SAN JOSE -- In the middle of a crisp January afternoon, with people walking around Fountain Alley in the heart of downtown San Jose, a man fired three shots at his rival.
The bullets sent everyone running.
Luckily in the Jan. 22 case, no one was hit. And thanks to a battery of officers from the San Jose Police Department, San Jose State police and the Santa Clara County Sheriff's Office, the suspected shooter was arrested about 20 minutes later after being spotted in a car near the downtown post office.
But two days later, Michael Anthony Robinson was milling around downtown as a free man after his case was kicked back to police for more investigation.
Officers Pete Urrutia and Steve Gibson channeled their frustration over the release to spend the time to build a stronger case, adding investigation work to their regular patrol duties. After nearly four months, they succeeded, in an arrest that demonstrated their initiative and doggedness on one hand and on the other shows how strained their jobs have become.
Officers like Urrutia and Gibson "are redefining the role of patrol officers," said Capt. Anthony Ciaburro, who oversees the department's Central Division that includes downtown.
Robinson was released because with ballistics evidence still being analyzed and witness memories fogged by adrenaline and panic, prosecutors decided they did not have the airtight case they needed to keep him behind bars.
Urrutia, one of the responding officers to the shooting, was dumbstruck: This was a man, he believed, who coldly fired into a crowded area at 2 in the afternoon.
"We felt we had more than sufficient evidence. We didn't quite know why," Urrutia said.
Urrutia and partner Gibson, both of them with a quarter-century logged with the force, refused to let the case die. On top of their duties patrolling downtown, they kept gathering evidence. They slowly chipped away until in May they built a strong enough case to take Robinson back into custody and spur a charge of assault with a deadly weapon. Robinson, now 20 and with a prior robbery conviction, faces a maximum of 28 years in prison.
Conducting an investigation while working patrol was not unfamiliar territory for the Urrutia and Gibson, both veteran investigators; when they were assigned to patrol neighborhoods in East San Jose, they helped lighten the burden on an understaffed investigative bureau by taking on burglary cases.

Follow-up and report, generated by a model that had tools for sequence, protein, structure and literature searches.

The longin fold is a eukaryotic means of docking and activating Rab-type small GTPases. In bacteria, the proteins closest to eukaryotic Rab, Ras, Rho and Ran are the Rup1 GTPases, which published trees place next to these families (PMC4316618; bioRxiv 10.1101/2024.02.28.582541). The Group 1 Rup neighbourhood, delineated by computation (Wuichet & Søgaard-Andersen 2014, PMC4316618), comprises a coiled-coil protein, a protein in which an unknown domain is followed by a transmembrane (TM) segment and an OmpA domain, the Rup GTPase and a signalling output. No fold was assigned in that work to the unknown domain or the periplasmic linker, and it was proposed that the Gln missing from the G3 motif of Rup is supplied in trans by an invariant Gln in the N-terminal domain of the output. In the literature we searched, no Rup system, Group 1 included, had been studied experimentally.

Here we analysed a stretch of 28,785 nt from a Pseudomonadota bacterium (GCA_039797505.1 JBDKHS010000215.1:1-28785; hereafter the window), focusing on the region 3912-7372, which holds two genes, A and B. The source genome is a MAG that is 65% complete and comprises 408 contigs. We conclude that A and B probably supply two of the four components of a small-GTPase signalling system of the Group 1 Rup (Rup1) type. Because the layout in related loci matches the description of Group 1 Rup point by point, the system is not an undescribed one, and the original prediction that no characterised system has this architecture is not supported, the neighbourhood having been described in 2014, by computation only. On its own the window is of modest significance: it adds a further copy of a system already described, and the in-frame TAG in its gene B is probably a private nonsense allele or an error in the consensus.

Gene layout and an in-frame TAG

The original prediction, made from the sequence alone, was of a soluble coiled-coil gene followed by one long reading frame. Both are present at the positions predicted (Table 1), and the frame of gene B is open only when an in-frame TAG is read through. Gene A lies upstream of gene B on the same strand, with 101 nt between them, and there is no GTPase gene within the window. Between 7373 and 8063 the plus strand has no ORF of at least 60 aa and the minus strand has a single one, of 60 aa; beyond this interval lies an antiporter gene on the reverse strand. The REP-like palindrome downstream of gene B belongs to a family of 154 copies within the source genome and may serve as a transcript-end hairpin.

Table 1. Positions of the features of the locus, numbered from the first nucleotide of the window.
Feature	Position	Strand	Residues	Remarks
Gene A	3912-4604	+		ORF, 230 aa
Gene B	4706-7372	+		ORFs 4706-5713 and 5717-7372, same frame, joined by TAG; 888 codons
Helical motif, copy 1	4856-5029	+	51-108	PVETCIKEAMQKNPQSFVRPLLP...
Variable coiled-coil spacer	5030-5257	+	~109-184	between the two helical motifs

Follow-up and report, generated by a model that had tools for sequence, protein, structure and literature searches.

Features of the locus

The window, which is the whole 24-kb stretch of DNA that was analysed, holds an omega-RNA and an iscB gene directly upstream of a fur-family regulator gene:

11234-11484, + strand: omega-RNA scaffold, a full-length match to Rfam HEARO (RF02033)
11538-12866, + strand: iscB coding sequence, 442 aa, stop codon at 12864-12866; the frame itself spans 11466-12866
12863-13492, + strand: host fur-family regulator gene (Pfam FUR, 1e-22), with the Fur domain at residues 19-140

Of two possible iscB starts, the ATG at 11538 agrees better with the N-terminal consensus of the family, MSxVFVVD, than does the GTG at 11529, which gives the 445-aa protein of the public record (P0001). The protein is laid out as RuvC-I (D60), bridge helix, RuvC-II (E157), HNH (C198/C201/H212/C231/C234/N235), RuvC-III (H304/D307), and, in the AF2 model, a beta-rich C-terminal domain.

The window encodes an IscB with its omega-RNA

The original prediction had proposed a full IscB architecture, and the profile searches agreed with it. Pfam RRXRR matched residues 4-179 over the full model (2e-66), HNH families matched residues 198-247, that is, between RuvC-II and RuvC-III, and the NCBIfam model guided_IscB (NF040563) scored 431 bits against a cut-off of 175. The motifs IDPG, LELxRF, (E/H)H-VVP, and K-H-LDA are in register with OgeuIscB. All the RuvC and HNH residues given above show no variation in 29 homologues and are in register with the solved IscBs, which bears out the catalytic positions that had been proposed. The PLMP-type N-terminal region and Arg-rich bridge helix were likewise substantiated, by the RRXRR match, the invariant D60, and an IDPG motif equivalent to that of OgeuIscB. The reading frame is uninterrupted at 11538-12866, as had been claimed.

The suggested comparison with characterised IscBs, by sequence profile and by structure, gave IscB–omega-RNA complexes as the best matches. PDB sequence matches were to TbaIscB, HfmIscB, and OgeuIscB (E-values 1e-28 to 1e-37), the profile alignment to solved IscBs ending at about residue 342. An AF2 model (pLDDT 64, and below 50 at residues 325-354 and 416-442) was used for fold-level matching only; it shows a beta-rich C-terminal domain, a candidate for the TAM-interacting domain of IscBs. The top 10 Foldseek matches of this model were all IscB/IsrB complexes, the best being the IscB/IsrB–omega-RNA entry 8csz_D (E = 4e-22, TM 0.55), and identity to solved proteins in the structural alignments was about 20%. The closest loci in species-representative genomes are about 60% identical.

It's a success story and a sobering reflection of how San Jose police have to stretch their officers to fight crime with a force that has shrunk by a quarter in six years. In the shooting case, they were familiar with the suspect from their patrol work and were at the scene.
"We knew he was our guy," Gibson said. "Who better to work the case than us, who know it best?"
What's more, the Robinson case was in a holding pattern for two months before the two picked it back up. The first point of order for the pair was to obtain a search warrant to go through the contents of Robinson's cell phone. It revealed a bounty, including images of Robinson holding a handgun resembling one recovered after the shooting at a hotel room linked to the suspect, according to court records and the police report.
Other dominoes in the case started to fall. Ballistics analysis from a casing recovered at the shooting scene was matched with the handgun that had been recovered. Again, the cell phone contents factored in: the photos of Robinson with a gun were of such high resolution that they could actually read off the serial number of the weapon -- another match.
"It was pretty damning," Urrutia said.
Clothing they confiscated from Robinson matched those worn by the suspected shooter captured by surveillance cameras. Witnesses and Robinson himself -- in custody for an unrelated offense -- were interviewed again.
One of the final pieces was establishing a motive. That became clear soon enough: Robinson had been shot by a group of men in 2013 in Fountain Alley, which has been the backdrop of a long-running criminal power struggle. The man he was aiming at in January was an associate of his attackers, who had been arrested.
Robinson is in jail on a $310,000 bond. For Urrutia, the push toward the arrest was a last hurrah of sorts: he retired Thursday after reaching 25 years with San Jose police.
It was cause for relief for Johnny Gogo, who under the Santa Clara District Attorney's Office is the lone prosecutor whose focus is bridging the office with the communities it serves. He's also a downtown resident, who still freshly remembers the tragic death of 19-year-old nursing student Kimberly Chico, killed by a wayward bullet in a crossfire between gang rivals in August 2013. The January shooting was a half-mile away.
"When this occurred, there was the potential for another innocent victim to be injured or killed," Gogo said. "If someone's going to fire a gun downtown, somebody has to be apprehended."
Contact Robert Salonga at 408-920-5002. Follow him at Twitter.com/robertsalonga.